We also hear the concept of compassion fatigue thrown around quite often - some of you might know it as emotional exhaustion, or burnout. Many people think that this arises when we empathize too much, however, I believe it arises when people empathize in the wrong way. And guess what, that is what the research shows too. As Brené puts it,
"Compassion fatigue occurs when caregivers focus on their own personal distress reaction rather than on the experience of the person they are caring for. Focusing on one's own emotional reaction results in an inability to respond empathically to the person in need. We're not hearing the story, we're inserting ourselves in the story."
Compassion fatigue occurs when we practice affective empathy instead of cognitive empathy. Maybe part of the reason burnout is such an issue right now (beyond the massive systemic factors) is that people are not able to make this distinction and, as a result, they become overwhelmed with their own emotional experience in trying to connect with their patients. What if people had the knowledge and the language to change how they empathize? I imagine things would look a lot different.
One final thing I want to touch on is comparative suffering. As you may recall, my own self-talk was running RAMPANT with this as I grappled with what I was feeling. How could I possibly be suffering when this wasn't even happening to me? Well, now I know it is because I allowed myself to be dragged into affective empathy, rather than deploying the healthier skill of cognitive empathy. I have also learned this - my patient and their family do not benefit more if I conserve my concern only for them; having compassion for myself does not reduce the amount of compassion I have for them.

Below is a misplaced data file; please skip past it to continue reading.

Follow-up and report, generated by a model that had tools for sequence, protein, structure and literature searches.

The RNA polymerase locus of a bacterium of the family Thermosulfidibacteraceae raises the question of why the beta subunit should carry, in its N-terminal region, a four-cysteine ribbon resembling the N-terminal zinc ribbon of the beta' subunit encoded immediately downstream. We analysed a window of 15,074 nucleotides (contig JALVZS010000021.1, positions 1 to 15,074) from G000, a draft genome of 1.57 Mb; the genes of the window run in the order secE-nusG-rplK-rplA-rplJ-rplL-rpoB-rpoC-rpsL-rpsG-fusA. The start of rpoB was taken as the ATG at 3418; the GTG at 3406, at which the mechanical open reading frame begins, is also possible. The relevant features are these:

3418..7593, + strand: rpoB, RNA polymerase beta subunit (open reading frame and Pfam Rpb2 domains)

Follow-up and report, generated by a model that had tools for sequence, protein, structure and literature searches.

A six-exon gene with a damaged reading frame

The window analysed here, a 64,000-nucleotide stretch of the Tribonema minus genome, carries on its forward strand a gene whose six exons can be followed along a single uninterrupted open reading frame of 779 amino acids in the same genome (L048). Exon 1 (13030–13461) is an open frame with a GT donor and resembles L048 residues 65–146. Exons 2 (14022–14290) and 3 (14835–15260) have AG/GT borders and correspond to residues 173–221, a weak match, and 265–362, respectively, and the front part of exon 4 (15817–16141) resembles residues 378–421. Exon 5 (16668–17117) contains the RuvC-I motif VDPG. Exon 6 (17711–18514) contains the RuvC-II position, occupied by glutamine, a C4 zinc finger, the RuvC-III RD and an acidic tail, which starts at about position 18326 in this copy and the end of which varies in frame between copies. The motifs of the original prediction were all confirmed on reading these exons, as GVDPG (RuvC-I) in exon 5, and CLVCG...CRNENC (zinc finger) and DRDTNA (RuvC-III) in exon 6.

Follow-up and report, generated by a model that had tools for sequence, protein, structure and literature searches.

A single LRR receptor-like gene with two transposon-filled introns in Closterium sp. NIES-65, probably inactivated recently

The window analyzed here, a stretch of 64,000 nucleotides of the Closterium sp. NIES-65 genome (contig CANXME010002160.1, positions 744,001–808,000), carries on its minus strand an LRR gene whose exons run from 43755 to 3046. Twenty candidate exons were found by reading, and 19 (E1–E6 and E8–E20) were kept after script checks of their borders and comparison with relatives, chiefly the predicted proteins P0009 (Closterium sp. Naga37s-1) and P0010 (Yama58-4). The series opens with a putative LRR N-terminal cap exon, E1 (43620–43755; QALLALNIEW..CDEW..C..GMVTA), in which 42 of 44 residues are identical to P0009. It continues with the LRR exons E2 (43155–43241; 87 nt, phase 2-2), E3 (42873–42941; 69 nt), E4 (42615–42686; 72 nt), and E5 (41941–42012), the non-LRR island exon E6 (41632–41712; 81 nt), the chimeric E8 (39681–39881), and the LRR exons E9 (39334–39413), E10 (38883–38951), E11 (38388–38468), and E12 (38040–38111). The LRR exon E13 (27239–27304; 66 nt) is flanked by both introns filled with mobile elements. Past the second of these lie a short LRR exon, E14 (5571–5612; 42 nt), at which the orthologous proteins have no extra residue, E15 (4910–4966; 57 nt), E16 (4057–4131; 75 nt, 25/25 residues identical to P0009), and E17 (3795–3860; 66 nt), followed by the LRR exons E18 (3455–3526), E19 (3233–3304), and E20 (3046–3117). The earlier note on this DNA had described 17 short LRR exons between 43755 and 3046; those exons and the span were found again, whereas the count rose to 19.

Wow. You're telling me I can be concerned for how my patient is feeling, AND ALSO be concerned about how I am feeling, WITHOUT taking anything away from them? Truly mind-blowing.
Brené puts it a little more eloquently,
"Empathy is not finite, and compassion is not a pizza with eight slices. When you practice empathy and compassion with someone, there is not less of these qualities to go around. There's more. [...] Yes, perspective is critical. But sharing how we feel is okay as long as we do so with a little perspective. Hurt is hurt, and every time we honour our own struggle and the struggles of others by responding with empathy and compassion, the healing that results affects us all."
I don't want to be one of those doctors who lacks the emotional reserve to connect with their patients because they have been burned by caring 'too much' earlier in their career. Now that I am armed with this knowledge about compassion, empathy, and boundary setting, I am confident that I wont have to be.
The question isn't "Am I empathizing too much?", it is, "Am I empathizing in the right way?" Empathy is a skill. And the sooner you start treating it as such, the better off you will be.